The first radar maps of Venus from Earth were made using the Arecibo Radio telescope in Puerto Rico, beginning in the late 1970’s. Because of the distance to the planet, these images had a relatively low resolution, on the order of a few kilometers. These Earth-based radar maps did, however, allow planetary scientists to observe the large-scale surface features of Venus.
Earth-based radar maps of Venus can reveal only part of the Venusian surface, because during Venus’s closest approach to Earth only one side faces Earth. Orbiting spacecraft have therefore been sent to map the surface of Venus. Pioneer Venus 1 went into orbit around Venus in late 1978. This mission was the first orbital mission to use radar to map much of the surface of Venus, with a Resolution of about 7 kilometers. In 1990, the Magellan mission went into orbit around Venus. The Magellan orbiter made much more extensive and detailed radar maps of Venus. Because it used a polar rather than an equatorial orbit, Magellan was able...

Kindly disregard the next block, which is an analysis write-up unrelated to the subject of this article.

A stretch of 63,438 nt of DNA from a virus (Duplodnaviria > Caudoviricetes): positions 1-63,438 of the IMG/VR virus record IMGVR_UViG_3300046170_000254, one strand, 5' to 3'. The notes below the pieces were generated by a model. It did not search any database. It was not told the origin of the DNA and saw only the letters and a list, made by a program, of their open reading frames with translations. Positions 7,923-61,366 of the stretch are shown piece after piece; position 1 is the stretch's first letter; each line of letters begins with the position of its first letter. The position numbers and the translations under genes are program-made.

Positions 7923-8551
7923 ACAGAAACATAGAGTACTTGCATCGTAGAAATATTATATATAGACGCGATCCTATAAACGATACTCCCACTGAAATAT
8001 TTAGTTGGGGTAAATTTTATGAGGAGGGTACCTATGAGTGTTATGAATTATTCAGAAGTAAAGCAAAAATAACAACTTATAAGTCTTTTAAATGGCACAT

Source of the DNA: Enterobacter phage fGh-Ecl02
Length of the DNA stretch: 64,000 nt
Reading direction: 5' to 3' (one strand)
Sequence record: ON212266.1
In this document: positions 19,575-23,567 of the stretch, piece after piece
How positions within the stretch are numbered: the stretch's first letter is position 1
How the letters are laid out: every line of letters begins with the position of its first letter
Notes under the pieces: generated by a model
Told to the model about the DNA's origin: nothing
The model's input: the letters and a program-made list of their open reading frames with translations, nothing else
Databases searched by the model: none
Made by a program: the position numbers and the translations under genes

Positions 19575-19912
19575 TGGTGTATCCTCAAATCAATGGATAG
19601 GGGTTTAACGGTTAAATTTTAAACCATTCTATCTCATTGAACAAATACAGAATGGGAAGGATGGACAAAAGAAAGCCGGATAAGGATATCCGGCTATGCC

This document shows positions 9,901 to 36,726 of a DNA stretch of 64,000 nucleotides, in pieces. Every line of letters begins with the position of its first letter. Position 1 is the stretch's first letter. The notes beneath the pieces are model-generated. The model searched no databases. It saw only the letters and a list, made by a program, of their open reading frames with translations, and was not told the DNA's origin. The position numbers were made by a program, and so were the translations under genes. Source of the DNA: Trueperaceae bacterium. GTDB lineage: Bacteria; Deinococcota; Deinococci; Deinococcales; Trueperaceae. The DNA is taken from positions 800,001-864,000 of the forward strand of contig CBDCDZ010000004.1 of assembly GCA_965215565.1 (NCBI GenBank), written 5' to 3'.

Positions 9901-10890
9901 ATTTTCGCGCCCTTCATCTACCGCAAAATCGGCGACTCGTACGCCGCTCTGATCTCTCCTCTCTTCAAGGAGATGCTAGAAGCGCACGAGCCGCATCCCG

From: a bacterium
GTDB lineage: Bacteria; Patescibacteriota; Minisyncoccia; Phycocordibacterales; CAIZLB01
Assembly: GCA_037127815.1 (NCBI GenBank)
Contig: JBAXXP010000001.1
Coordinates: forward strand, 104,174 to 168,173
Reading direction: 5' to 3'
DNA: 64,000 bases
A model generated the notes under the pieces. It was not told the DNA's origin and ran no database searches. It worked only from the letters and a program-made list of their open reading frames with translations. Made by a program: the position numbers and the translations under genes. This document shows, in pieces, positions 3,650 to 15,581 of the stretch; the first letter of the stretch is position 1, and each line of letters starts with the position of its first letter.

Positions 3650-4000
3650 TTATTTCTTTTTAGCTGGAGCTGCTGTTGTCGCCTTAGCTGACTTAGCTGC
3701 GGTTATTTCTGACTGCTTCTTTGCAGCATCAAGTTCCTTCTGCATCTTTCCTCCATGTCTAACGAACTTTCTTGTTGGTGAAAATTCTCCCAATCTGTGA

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Context (The Solar System)
The volcanoes on Venus contribute to its very harsh surface environment. Volcanoes on Earth outgas significant amounts of carbon dioxide gas. Those on Venus and Mars probably do the same. On Earth, biological activity, such as plant respiration, uses the carbon dioxide. Earth therefore has a very small percentage of carbon dioxide in its atmosphere. On Venus, however, the carbon dioxide is still in the atmosphere; 97 percent of Venus’s atmosphere is carbon dioxide. All this carbon dioxide produces a runaway greenhouse effect and surface temperatures greater than 700 kelvins.
Jupiter’s moon Io is also volcanically active. However the volcanoes on Io differ from the volcanoes on Venus and other terrestrial planets. In addition to rock, Io’s composition includes significant amounts of ice.